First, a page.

How the Injured Jockeys Fund (IJF) tailors its concussion rehabilitation specifically to getting riders back in the saddle, and what possible new technology is in the pipeline, were under the spotlight at the charity’s conference.
IJF head of clinical services Anna-Louise Mackinnon and racing industry concussion practitioner Rosy Hyman spoke about active recovery techniques in the IJF toolbox.
“Hand-eye coordination is important in all sport, but it is really important for racing,” explained Ms Hyman.
She added that when race-riding, jockeys are constantly taking in information – from eyes, ears and the small balance points from their position on a horse – and need to be able to filter what is important.
Dr Mackinnon explained how active techniques that focus on rehabilitating the balance, vision and movement system (vestibular-oculomotor rehabilitation), which can be affected by concussion, are used by the IJF.
Trained specialists use exercises that challenge riders to focus on specific points – for example, beads on a string, along with balance and hand-eye coordination exercises. The idea is that it helps prepare jockeys for what they go through when returning to race-riding, such as blocking out distractions to see a stride.
“We need jockeys to be able to focus on one point even when there’s a really busy crowd,” said Dr Mackinnon.
The industry is also looking into technology such as saliva tests and a system called NeuroFlex, where the subject’s eyes and head position are measured while they perform simple tasks using a virtual reality headset.
Its benefits would include level of detail and objectivity in both assessments and measuring a jockey’s progress.
British Horseracing Authority chief medical adviser Jerry Hill gave an overview of some of the latest developments in concussion.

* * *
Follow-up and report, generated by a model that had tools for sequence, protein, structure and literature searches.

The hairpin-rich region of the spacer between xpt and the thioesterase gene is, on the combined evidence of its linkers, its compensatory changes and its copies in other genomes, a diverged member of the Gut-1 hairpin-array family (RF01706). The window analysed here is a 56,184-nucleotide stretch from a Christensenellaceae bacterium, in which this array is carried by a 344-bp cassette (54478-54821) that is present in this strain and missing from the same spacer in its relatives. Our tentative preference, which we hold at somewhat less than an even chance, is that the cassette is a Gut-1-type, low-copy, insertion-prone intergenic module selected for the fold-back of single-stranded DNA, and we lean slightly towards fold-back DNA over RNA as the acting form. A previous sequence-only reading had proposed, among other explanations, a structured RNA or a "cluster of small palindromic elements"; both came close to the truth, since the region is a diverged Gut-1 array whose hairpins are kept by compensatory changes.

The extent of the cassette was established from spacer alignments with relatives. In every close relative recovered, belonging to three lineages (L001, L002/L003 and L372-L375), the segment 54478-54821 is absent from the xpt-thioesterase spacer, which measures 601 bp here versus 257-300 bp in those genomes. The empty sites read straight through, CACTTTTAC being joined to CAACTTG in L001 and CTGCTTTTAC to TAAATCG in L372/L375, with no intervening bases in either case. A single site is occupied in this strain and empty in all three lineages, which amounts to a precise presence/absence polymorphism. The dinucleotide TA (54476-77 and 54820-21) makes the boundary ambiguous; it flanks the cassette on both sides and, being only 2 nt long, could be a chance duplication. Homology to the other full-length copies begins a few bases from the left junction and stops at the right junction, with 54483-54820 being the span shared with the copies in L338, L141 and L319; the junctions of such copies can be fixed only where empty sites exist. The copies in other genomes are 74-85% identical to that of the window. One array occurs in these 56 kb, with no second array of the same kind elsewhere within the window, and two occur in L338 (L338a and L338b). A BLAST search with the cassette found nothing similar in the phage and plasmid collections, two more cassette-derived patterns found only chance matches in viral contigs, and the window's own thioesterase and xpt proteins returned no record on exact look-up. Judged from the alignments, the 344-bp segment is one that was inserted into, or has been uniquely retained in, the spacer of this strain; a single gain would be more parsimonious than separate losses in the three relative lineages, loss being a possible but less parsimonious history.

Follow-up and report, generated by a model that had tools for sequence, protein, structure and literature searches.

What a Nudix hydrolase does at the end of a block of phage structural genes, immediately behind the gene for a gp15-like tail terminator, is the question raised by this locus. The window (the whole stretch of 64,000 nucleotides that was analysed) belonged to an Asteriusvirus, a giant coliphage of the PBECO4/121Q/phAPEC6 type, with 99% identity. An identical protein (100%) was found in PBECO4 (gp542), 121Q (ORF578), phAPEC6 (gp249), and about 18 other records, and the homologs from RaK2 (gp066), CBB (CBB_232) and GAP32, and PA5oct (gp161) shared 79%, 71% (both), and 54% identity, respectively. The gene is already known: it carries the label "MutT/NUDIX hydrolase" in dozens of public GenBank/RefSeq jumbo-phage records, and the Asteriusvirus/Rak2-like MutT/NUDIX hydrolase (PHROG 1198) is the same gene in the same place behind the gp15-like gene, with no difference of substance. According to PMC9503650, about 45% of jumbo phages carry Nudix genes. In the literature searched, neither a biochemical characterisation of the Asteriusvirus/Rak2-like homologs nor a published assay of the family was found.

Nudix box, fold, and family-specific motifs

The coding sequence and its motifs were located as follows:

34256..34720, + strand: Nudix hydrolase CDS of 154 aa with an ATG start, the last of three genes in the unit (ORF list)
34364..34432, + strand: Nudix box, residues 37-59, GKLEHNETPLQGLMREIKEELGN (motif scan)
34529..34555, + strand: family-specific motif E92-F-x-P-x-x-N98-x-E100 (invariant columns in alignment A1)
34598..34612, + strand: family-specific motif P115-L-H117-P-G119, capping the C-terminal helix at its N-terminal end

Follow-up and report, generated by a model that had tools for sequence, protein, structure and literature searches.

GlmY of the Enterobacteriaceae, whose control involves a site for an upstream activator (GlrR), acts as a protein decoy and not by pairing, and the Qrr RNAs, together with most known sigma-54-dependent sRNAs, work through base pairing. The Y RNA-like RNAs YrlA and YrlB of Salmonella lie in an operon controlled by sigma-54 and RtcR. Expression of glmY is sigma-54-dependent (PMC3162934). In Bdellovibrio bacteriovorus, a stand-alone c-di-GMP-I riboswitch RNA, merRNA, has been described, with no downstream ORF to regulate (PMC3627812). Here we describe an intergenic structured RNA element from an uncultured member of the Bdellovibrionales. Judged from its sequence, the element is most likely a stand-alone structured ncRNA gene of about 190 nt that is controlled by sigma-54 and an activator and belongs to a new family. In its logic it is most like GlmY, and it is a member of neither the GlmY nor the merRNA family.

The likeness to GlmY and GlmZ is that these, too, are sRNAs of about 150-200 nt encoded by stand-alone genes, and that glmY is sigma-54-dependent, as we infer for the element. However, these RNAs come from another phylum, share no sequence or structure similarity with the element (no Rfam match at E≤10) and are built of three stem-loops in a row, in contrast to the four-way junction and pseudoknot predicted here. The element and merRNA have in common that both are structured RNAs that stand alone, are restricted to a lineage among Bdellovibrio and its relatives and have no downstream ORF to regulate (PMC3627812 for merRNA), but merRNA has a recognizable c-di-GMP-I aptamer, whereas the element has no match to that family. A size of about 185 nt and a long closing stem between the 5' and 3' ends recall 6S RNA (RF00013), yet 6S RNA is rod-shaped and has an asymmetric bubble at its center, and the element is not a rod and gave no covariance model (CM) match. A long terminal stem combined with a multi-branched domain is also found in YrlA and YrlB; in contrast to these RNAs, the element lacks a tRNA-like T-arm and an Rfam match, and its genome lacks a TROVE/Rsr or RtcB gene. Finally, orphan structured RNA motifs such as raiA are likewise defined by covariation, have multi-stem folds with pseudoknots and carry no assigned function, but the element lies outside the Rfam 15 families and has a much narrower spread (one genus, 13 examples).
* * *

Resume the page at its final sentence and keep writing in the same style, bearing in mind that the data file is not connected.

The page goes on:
These include the Government’s action plan (news, 13 January), microRNA biomarkers – which could potentially be used in a similar way to a lateral-flow test, and the possibility of an in-ear device that can measure brainwaves.
“Premature return to sport increases your chances of an unrelated injury,” said Dr Hill, also reminding the conference of the severity of sustaining a secondary blow when already concussed.
“You are more likely to fall off. And if you return early, you are probably not going to be very good at your sport.”
‘Not just a bang on the head’
Riders Minds has launched a “head first checker” in response to a study by Charles Owen and University of Sussex MSc student Charlotte Ricca.
The study, which involved more than 1,000 riders, found 58% of concussed participants reported a significant increase in depression and anxiety scores after their fall.
The findings were released in conjunction with Riders Minds, which launched its “head first” campaign and checker to encourage equestrians to “rethink” concussion as “not just a bang on the head”. The aim is to educate riders about signs of change from their “normal”.
“Riders Minds has found 25% of riders have suffered from depression, and [this new research] indicates that riders who have experienced five or more concussions are twice as likely to suffer from a mental health condition as a result,” Riders Minds director Victoria Wright said, adding that the research also suggests this does not always happen immediately; it can be six months to a year after the incident.
The checker can be found at ridersminds.org/Get-support/head-first-checker
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